By DAVID KOENIG AP Business Writer
The travel recovery has boosted Booking Holdings Inc. to record quarterly earnings, and Wall Street expects the company to post even bigger profits this year.
The company, which operates its namesake website, Booking.com, plus Priceline, Kayak and other travel and dining sites, has earned $1.8 billion through the first three quarters of 2022. Customer bookings are running more than one-third ahead of the year-ago pace.
The stock, while finishing down 16% in 2022, is holding up much better than shares of rival online travel agencies.
CEO Glenn Fogel spoke recently to The Associated Press about whether the rebound in travel is sustainable, uncertainty about the economy, and his management style. The answers have been edited for length and clarity.
Q. You had a record third-quarter profit, and analysts expect a good fourth quarter. What’s the outlook for the new year?
A. Gross bookings for the first quarter are up 25% over 2019. So that was a very positive sign. It’s always a very early indicator, and things can change, there can be cancellations — certainly we’ve seen that over the last few years. But we are encouraged by what we see so far.
Q. Airline and hotel prices are up sharply. How long can consumers pay those prices?
A. The prices are very high. Those prices would not be so high if there wasn’t demand — simple supply and demand. One hypothesis is people have built up large savings during the last few years because of the different government programs and the fact that people were locked down in their homes. So people built up savings, and now they want to spend them.
Q. But aren’t they going to exhaust those savings, and will that be soon?
A. Well, that is the question. At what point do we get back to, say, a 2019 world in which people had a lower amount of savings and a higher level of debt? And do people start correcting there or not? One thing that nobody knows is what’s going to happen with our economies going forward, the U.S. economy in particular. Right now things are good. Right now we’re feeling hopeful.
Q. How is working from home changing travel demand?
A. If people are under a flexible work schedule — meaning they only have to show up at a set location some of the time … they are working from another location that they will also combine with a vacation. You see that in the increased amount of travel on Thursdays and Fridays. Not sure how the companies are keeping track of how much work is actually being done on Friday afternoon.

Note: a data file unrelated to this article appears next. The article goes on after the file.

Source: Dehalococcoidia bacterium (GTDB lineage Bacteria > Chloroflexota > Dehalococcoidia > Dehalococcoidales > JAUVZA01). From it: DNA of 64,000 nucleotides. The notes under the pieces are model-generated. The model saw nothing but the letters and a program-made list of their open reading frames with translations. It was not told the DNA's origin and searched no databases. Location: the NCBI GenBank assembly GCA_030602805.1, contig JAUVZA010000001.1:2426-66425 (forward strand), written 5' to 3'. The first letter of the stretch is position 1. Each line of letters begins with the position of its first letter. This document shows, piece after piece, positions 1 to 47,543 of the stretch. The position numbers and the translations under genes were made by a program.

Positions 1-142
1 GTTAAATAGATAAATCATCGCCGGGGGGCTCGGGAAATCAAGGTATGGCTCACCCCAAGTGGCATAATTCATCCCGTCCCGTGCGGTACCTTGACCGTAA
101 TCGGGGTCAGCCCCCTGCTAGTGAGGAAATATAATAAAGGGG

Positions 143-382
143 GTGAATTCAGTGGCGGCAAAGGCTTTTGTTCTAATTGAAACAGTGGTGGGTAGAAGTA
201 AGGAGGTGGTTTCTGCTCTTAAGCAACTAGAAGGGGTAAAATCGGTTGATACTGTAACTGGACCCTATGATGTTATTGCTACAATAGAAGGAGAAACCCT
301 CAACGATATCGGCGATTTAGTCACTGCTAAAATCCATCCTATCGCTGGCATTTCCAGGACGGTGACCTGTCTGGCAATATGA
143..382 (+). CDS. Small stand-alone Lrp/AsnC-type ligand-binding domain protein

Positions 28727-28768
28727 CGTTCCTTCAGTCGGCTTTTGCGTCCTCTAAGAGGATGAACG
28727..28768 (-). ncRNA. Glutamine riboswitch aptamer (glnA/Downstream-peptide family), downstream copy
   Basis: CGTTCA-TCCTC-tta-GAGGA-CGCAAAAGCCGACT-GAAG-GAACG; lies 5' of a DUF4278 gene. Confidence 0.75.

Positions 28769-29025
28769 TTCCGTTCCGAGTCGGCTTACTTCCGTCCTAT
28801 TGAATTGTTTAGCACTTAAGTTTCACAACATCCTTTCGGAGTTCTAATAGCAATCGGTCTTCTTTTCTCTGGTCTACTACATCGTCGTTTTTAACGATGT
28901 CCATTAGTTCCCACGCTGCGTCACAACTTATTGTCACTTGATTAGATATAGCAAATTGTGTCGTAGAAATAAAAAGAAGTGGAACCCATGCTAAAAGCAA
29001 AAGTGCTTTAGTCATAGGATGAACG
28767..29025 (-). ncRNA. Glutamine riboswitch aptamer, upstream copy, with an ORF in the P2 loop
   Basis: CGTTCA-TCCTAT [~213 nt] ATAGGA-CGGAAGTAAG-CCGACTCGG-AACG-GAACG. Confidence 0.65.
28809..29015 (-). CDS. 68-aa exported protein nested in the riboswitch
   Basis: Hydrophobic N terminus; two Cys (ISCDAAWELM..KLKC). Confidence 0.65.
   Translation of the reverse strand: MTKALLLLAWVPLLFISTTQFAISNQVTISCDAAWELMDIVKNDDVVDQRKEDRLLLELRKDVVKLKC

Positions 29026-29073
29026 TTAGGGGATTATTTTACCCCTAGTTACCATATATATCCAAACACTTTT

Q. Booking Holdings has a lot of exposure to Europe. Do you need to grow in the U.S.?
A. We do believe it’s important for us to continue to build our share in the U.S. One of my jobs to make sure that we make ourselves as aware to the U.S. traveler who wants to find a home in the U.S. as any other part of the world. Our room-night growth rate in the U.S. for the third quarter was up approximately 30% versus 2019. That’s a huge jump, and we definitely are gaining share and I hope we will continue to do so.
Q. Airbnb is ratcheting up its search for people to list their homes. Are you doing the same thing?
A. Some time ago, people who owned a home would perhaps go to a platform and list it themselves. (Now) there are intermediaries. These are people, professional managers, who will take care of the listing for the property owner, handle all the issues. We’re going to large property managers who have a significant amount of inventory, and that enables us to have more selection, more different places that people can stay on our platform.
Q. What new products do you have?
A. One that I do think it’s important is the area of sustainability, our Travel Sustainable Badge program. (Properties are rated in tiers.) Some of the stuff is obvious like changing your incandescent lights to LED lights, but there a lot of other things in terms of water, all sorts of things.
Q. But do consumers book based on sustainability ratings?
A. Price is always the first thing on someone’s mind, but that doesn’t mean they don’t care about sustainability.
Q. How big a problem are fake reviews, and how does that affect the company?
A. We already do a very good job making sure that what’s put on is an opinion of someone that at least has actually experienced whatever they’re commenting on. One cannot put a comment or a review on a hotel unless they’ve actually stayed at a hotel on our platform. If we see an interesting change in someone’s review score, our machine learning will immediately say, ‘Hmm, this is an anomaly. We should look into this.’
Q. Has your management style changed in the time you’ve been CEO?
A. As you age, you recognize how important it is to reserve judgment and wait, think before making decisions — that it’s important to let things settle. When I was much younger, I had a higher-percentage chance that I think I knew the right answer right away.
Q. You’re 60. How long do you plan to stay, and what’s the succession plan?
A. (Laughs) That’s something that I discuss with my board of directors. It’s always important for all companies to keep in mind that nobody is ever in a job forever. I will say I love this job, I love what we’re doing.